Arthur Kingsley Porter Prize
The Arthur Kingsley Porter Prize was established in 1957, in memory of a founding member of the CAA and one of the first American scholars of the discipline. This award seeks to encourage high scholarly standards among younger members of the profession. The prize is awarded for a distinguished article published in The Art Bulletin during the previous calendar year (2015 for the 2016 award) by a scholar of any nationality who is under the age of thirty-five or who has received the doctorate not more than ten years before acceptance of the article for publication.
The jury selected Douglas Brine’s article, “Van Eyck, Canon Joris van der Paele, and the Art of Commemoration,” due to its exemplary “holistic” methodology. Brine’s writing is lucid and his organization of argument is straightforward. Noteworthy is the range of evidence the author brings forth. He provides, transcribed in appendices, documents of 1434 and 1443 that clearly support his thesis concerning the original function and physical context of the painting. He employs the result of x-ray examination analyzing its inscriptions, and he closely analyzes the verisimilitude of detail and its visual impact. He uses patterns of patronage, specifically of canons, in the culture under study to effectively support the case for the primarily commemorative function of the painting. He introduces numerous comparative examples (in stone, metal, and paint) of artworks that filled the same commemorative function near burial sites. Due to the reuse of the fifteenth-century work as an altarpiece in the late sixteenth century, the painting has often been treated as such in the literature. Brine’s study firmly establishes the original religious setting and primary function of Van Eyck’s painting within St. Donatian’s in Bruges, and implicitly opens up the question as to whether other paintings have been similarly misunderstood.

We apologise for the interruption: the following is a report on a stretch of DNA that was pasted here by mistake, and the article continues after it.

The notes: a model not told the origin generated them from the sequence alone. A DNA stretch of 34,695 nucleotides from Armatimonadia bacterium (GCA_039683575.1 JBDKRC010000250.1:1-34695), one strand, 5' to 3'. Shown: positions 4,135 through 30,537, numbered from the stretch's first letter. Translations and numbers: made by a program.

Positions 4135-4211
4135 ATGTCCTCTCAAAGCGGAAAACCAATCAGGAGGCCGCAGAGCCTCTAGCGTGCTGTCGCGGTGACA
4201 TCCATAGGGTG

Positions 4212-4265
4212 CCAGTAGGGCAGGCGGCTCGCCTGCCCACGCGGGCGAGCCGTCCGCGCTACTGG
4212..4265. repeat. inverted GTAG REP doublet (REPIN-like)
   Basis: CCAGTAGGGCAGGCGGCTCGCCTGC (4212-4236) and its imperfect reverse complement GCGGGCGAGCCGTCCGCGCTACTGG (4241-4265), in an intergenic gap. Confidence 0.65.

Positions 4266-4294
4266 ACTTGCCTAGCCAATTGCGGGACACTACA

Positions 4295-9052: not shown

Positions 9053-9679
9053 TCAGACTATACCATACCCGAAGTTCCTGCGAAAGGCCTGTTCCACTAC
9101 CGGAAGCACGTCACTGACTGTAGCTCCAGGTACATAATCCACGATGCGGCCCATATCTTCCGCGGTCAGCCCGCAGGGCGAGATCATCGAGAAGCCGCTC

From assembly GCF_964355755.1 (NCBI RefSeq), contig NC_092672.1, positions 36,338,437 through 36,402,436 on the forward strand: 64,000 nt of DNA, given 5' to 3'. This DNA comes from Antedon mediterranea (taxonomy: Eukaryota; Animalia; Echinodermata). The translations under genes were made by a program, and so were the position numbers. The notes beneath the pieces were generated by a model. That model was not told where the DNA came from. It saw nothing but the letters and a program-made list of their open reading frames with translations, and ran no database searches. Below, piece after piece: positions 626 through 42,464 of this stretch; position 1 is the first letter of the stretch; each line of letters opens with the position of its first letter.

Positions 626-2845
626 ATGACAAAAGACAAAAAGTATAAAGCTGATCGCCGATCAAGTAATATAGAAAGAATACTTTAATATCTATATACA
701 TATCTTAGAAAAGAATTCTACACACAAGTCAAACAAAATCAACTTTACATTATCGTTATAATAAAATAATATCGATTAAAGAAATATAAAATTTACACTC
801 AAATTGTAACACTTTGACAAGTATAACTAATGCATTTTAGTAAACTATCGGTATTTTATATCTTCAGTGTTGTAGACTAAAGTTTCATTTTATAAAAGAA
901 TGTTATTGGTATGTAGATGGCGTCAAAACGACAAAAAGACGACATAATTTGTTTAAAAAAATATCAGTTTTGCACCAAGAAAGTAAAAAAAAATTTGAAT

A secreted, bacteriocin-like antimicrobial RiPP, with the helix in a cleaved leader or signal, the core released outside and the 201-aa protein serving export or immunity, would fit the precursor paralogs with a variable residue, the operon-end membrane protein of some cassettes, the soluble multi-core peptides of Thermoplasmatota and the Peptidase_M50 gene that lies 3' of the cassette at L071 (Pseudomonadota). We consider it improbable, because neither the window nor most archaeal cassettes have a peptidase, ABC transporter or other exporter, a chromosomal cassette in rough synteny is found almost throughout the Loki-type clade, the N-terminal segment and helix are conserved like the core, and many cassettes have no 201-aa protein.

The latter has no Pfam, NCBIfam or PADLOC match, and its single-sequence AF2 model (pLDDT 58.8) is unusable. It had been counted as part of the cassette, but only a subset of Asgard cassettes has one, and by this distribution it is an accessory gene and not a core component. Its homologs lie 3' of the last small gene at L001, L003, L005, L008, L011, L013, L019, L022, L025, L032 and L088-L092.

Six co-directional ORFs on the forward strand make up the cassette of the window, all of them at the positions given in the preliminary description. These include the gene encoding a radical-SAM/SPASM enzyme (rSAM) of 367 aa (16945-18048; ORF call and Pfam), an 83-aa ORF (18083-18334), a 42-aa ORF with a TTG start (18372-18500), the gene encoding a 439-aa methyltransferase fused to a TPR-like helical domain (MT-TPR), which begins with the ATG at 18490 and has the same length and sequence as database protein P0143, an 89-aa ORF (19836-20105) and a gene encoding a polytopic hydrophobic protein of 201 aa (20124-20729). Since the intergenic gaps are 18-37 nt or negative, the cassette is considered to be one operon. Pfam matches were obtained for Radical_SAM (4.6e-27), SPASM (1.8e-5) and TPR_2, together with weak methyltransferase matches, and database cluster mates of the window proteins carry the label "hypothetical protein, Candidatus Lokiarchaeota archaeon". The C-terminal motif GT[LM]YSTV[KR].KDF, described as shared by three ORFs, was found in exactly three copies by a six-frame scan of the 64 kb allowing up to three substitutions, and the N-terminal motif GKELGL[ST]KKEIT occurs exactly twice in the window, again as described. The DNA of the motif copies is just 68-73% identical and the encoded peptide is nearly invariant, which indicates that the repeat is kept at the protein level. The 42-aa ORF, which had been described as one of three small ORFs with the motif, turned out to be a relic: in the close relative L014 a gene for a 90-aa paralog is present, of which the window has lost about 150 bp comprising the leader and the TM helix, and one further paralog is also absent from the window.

Jury: Diana Gisolfi, Pratt Institute, chair; Partha Mitter, University of Sussex, emeritus; and Lauren Hackworth Petersen, University of Delaware.
One of CAA’s longest-running awards, the Porter prize has been awarded to superb articles in Western European art and architecture but has increasingly recognized a wider range of topics (in American, Chinese, Japanese, and Assyrian art) since the 1990s. Past winners include three-time winner Irving Lavin (1960, 1963, and 1970) and, most recently, Marnin Young, Fabio Barry, and Elizabeth Marlowe. Of special note is the 1967 Porter given to Linda Nochlin for her article “Gustave Courbet’s Meeting: A Portrait of the Artist as a Wandering Jew.”
Read a list of all winners of the Arthur Kingsley Porter Prize from 1958 to the present.
CAA will begin accepting nominations for the 2016 awards in the spring. Please review the guidelines to familiarize yourself with the nomination process and to download, complete, and submit the requested materials.